Deskreen is an open-source utility that allows you to send your Windows, Mac, or Linux desktop onto another screen, including another computer, a tablet, or even a phone. It can duplicate an application, duplicate an entire display, or extend the desktop and treat the other computer as an additional monitor.
Deskreen outputs your display to a webpage with an embedded video. Running the application prompts you to choose an application, existing display, or new display. It then displays the produced webpage in text and with a 2D barcode. The page, when opened on a separate device, allows you to play the video stream.
An easy scenario to imagine would be using a tablet as a second screen for a laptop sitting in a coffee shop. I tested exactly this setup using PopOS! on a 3rd Gen i7 and a Fire HD 10 9th gen tablet. I downloaded Deskreen from Github as a DEB and installed it. In order to fool my laptop into thinking it should produce a second screen, I bought HDMI dummy plugs. I used Deskreen version 1.02 and 1.03 while testing.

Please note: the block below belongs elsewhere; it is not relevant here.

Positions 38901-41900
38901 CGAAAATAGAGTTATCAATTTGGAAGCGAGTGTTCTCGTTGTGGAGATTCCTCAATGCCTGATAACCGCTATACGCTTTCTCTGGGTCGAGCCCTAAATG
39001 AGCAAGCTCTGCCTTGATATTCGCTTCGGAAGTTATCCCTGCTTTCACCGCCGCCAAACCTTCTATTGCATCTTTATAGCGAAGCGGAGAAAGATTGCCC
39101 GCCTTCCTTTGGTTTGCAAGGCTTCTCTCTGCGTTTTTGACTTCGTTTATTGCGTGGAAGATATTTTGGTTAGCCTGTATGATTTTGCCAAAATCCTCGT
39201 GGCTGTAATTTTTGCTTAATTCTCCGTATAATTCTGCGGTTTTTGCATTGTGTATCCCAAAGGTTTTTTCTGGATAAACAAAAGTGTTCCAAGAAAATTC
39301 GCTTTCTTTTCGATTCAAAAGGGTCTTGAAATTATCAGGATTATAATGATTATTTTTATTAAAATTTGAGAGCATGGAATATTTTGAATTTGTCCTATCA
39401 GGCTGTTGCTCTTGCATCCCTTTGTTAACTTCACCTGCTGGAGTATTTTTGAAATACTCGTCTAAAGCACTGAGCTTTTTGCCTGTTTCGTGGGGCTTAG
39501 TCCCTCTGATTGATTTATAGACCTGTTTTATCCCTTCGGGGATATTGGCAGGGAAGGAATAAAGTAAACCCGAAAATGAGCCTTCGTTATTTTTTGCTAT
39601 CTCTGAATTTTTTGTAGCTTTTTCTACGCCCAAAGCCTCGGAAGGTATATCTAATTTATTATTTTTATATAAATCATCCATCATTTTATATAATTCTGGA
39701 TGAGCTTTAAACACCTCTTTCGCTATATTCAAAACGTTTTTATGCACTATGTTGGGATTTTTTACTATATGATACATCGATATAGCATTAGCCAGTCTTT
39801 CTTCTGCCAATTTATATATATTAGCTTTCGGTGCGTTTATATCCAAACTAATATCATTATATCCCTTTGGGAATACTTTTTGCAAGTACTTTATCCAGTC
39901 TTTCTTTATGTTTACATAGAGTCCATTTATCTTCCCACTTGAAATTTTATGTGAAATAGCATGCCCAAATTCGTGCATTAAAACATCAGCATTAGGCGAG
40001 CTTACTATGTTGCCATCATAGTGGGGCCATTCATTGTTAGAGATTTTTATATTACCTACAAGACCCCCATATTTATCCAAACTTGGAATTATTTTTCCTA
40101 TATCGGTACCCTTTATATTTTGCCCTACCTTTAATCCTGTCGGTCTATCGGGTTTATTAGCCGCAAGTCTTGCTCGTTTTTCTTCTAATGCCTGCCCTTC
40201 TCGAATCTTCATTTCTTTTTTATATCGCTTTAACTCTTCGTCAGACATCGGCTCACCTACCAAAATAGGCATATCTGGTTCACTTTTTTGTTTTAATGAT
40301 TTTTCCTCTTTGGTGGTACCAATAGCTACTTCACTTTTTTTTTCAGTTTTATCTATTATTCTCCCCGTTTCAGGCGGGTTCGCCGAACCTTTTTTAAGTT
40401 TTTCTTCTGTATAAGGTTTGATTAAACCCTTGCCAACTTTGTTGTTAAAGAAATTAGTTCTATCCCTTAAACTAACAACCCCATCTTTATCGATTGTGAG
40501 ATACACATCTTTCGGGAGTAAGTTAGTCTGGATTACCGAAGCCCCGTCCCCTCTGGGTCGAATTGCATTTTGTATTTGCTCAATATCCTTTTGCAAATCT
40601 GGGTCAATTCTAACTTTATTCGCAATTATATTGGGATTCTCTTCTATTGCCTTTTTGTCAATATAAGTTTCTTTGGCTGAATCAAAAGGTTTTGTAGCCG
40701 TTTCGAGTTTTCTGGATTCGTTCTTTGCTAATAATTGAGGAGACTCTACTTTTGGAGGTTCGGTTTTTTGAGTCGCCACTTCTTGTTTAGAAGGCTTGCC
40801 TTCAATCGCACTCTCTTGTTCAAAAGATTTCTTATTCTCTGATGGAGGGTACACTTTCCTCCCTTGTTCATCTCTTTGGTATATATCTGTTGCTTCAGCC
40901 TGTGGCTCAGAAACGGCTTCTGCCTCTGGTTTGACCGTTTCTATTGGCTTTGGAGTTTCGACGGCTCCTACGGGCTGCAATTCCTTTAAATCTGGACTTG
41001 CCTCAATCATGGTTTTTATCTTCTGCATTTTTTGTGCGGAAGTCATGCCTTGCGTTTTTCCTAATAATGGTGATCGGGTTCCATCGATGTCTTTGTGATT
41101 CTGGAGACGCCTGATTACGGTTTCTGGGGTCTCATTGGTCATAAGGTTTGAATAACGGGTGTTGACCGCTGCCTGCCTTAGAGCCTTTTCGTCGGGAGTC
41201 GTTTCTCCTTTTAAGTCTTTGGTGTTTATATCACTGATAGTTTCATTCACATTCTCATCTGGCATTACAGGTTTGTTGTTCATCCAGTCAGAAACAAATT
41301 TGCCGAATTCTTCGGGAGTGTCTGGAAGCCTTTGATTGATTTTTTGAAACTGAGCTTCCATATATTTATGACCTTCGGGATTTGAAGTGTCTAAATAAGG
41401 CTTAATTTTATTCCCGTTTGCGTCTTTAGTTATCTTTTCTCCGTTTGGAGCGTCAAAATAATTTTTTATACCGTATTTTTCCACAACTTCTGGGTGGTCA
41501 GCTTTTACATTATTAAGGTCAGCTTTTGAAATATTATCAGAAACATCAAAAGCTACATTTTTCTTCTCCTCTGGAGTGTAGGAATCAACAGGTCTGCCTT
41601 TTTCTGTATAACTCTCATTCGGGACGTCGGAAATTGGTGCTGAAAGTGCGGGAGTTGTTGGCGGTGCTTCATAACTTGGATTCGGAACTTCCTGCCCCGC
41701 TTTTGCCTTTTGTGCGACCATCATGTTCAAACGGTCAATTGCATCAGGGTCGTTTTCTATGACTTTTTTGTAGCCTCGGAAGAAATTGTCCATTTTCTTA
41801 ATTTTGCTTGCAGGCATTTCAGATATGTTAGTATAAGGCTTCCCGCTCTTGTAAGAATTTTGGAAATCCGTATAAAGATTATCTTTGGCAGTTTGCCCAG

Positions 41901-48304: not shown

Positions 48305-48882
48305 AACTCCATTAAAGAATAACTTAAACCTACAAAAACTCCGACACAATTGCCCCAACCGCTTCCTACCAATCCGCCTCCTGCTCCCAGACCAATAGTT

Once running, Deskreen produced a barcode that I was able to scan from the tablet and use to connect to a webpage. You can manually type in the link, but it’s long and it’s randomly generated each time the app start sharing. I clicked a button on the web page to register. Back to the PC, where I accepted the connection and chose the output.
The new display was initially set to the same as my main screen - 1920x1080. The video was down-converted, but everything was too small to be usable. I used the display options in PopOS! to adjust the size to 1280x720 and this created a very usable display. The new screen is responsive, with maybe barely a touch of latency similar to using a low-refresh-rate monitor. I imagine that the quality and usage of wifi will impact this, but I wasn’t able to test that scenario.
Just for fun, I sent the settings app to my phone at the same time. Running two displays didn’t seem to bother the PC. I left the webpage running on the tablet for hours and battery life on the tablet seemed surprisingly good. I think I could run it for a full day (or more) without having to charge the tablet.
I could imagine a variety of cases where this could be useful.
The developer, Pavlo Buidenkov, has an excellent set of directions about using Deskreen at deskreen.com. He also mentions that he’s hoping to find developers to collaborate with, so check it out!
For me, this utility works well and fills a niche in my toolset. It will be a part of my standard build from here on out!